Fri 28th Oct
“Taking the provided newspaper, discuss the visual content and its relationship to the context of the articles within the printed pages.”
Consider the following:
- Target audience
- Overall design
- Role of the images in communication (implicit and explicit)
- Relationship of image and text (headlines)
- Cropping (have the images been cropped? Is the image a true representation of content?)
Choose 5 of the most significant images within the pages, print out and place on A2 page. Present images and their role in relation to implicit and explicit and if they’re a true representation of the articles content.
TASK COMPLETED IN A GROUP OF 5
Newspaper: The Sun
Target audience: young/middle aged; working class; stereotypically uneducated
Overall design: News is summarised; loads of adverts; comical design; messy/cheap design; gossip
Implicit/explicit: mostly explicit; most headlines are explicit; prioritises different stories; can be misleading in placement of stories/images
Relationship of images and text (headlines): most are cropped/overlaid; headlines mostly relate to images; misleading sometimes
Group mind map of ideas for the The Sun.
Image of A2 page of images taken from The Sun.
We selecting the main parts of the newspaper that we felt best describe what it was about. Of course we choose ‘page 3’, known for its explicit images of women; it’s a lot more toned down now compared to what it used to be but the article is completely unrelated to the image shown. It is a massive photo of a women in her bikini, which would lead you to believe that it was about her on holiday but no, the article is in fact about the show Strictly Come Dancing – which this woman dances on – and all they’ve done is put a small image of her in the show which is completely misleading and not exactly the easiest thing to see – making you more focused on her on the beach.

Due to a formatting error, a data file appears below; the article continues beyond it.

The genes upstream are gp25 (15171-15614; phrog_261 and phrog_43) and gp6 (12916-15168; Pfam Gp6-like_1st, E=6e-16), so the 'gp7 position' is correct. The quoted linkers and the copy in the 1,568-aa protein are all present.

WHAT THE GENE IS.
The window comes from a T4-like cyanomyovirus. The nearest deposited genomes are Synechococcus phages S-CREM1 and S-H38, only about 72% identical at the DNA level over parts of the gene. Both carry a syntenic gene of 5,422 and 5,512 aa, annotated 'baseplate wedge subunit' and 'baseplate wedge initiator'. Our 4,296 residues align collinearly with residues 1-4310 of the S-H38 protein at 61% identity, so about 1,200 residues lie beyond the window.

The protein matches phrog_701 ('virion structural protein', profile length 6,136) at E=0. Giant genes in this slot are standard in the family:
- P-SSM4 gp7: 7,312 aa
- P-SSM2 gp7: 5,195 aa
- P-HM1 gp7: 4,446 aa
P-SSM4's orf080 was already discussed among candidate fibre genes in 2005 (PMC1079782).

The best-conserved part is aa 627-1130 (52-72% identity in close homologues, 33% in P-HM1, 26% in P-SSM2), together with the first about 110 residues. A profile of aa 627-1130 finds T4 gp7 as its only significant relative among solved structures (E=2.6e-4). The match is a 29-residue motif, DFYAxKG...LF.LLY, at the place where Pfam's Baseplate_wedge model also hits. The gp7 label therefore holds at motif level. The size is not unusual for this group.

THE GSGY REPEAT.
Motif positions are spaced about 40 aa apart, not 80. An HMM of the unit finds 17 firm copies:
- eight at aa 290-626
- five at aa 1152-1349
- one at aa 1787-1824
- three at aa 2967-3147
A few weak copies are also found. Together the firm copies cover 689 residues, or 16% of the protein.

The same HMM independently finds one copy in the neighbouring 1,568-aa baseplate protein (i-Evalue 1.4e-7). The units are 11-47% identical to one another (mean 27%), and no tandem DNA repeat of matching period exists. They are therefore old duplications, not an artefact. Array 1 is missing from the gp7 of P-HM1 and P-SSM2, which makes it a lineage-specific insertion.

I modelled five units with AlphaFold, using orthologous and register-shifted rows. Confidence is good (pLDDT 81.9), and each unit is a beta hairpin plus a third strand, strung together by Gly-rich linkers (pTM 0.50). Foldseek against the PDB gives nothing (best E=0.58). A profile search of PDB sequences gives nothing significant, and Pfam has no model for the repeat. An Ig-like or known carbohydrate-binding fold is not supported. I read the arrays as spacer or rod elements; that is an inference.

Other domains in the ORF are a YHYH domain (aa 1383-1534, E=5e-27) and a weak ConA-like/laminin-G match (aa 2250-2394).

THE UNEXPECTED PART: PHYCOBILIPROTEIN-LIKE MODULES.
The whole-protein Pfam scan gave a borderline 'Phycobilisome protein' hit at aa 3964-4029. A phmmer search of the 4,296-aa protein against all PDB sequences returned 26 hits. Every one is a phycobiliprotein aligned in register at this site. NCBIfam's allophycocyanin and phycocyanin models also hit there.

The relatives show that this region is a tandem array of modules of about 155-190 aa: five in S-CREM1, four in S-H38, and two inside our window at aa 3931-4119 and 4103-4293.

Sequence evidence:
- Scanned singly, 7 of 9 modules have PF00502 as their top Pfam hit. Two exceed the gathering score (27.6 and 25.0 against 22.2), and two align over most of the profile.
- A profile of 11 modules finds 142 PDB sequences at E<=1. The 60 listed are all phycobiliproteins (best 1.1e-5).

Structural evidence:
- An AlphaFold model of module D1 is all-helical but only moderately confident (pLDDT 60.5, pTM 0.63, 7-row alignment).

The article about Candice is in true media style. All the photos they’ve chosen to use do actually relate to the article, but instead of focusing on her win and how positive that is, they’ve made it in to a negative and chosen to write an article about her ‘pout’ and how she’s been receiving abuse online about it.
Another point we noticed was there prioritising of news. (Talking about the larger cut-out of the man in the middle on the image of the A2 page.) On each end of the page, they are talking about very serious issues – a bomb attack and an abuser finally being jailed – but in the middle, the largest part of the page, they are talking about how men ‘get off’ by sexting Siri – the digital talk device on iPhones. You’d think that something like a bomb attack would be far more important that being told that men are sexting a virtual device but in The Sun that is not the case.
The final two cut-outs on the page have an article that is actually relating to the images shown. The one about Holly Willoughby was put onto page 3 of the newspaper so its again reinforcing this idea of what The Sun decide is more important – learning about a celebrity being drunk on a show that is aired at 10pm on a Thursday, a time where a lot of other people in the country are drunk, is clearly very important news in their eyes.
Overall, we concluded that The Sun is a very gossip-based article, prioritises news about celebrities and weird facts other than important things going on in the world. It’s a cheap newspaper, which is shown in the design with a messy layout, images taken from other newspapers/magazines or the internet and there are a lot of adverts. It was interesting to really deconstruct a newspaper and talk about the different components in the articles; I’ve learned a lot more than I already knew about how newspapers prioritise news and mislead readers.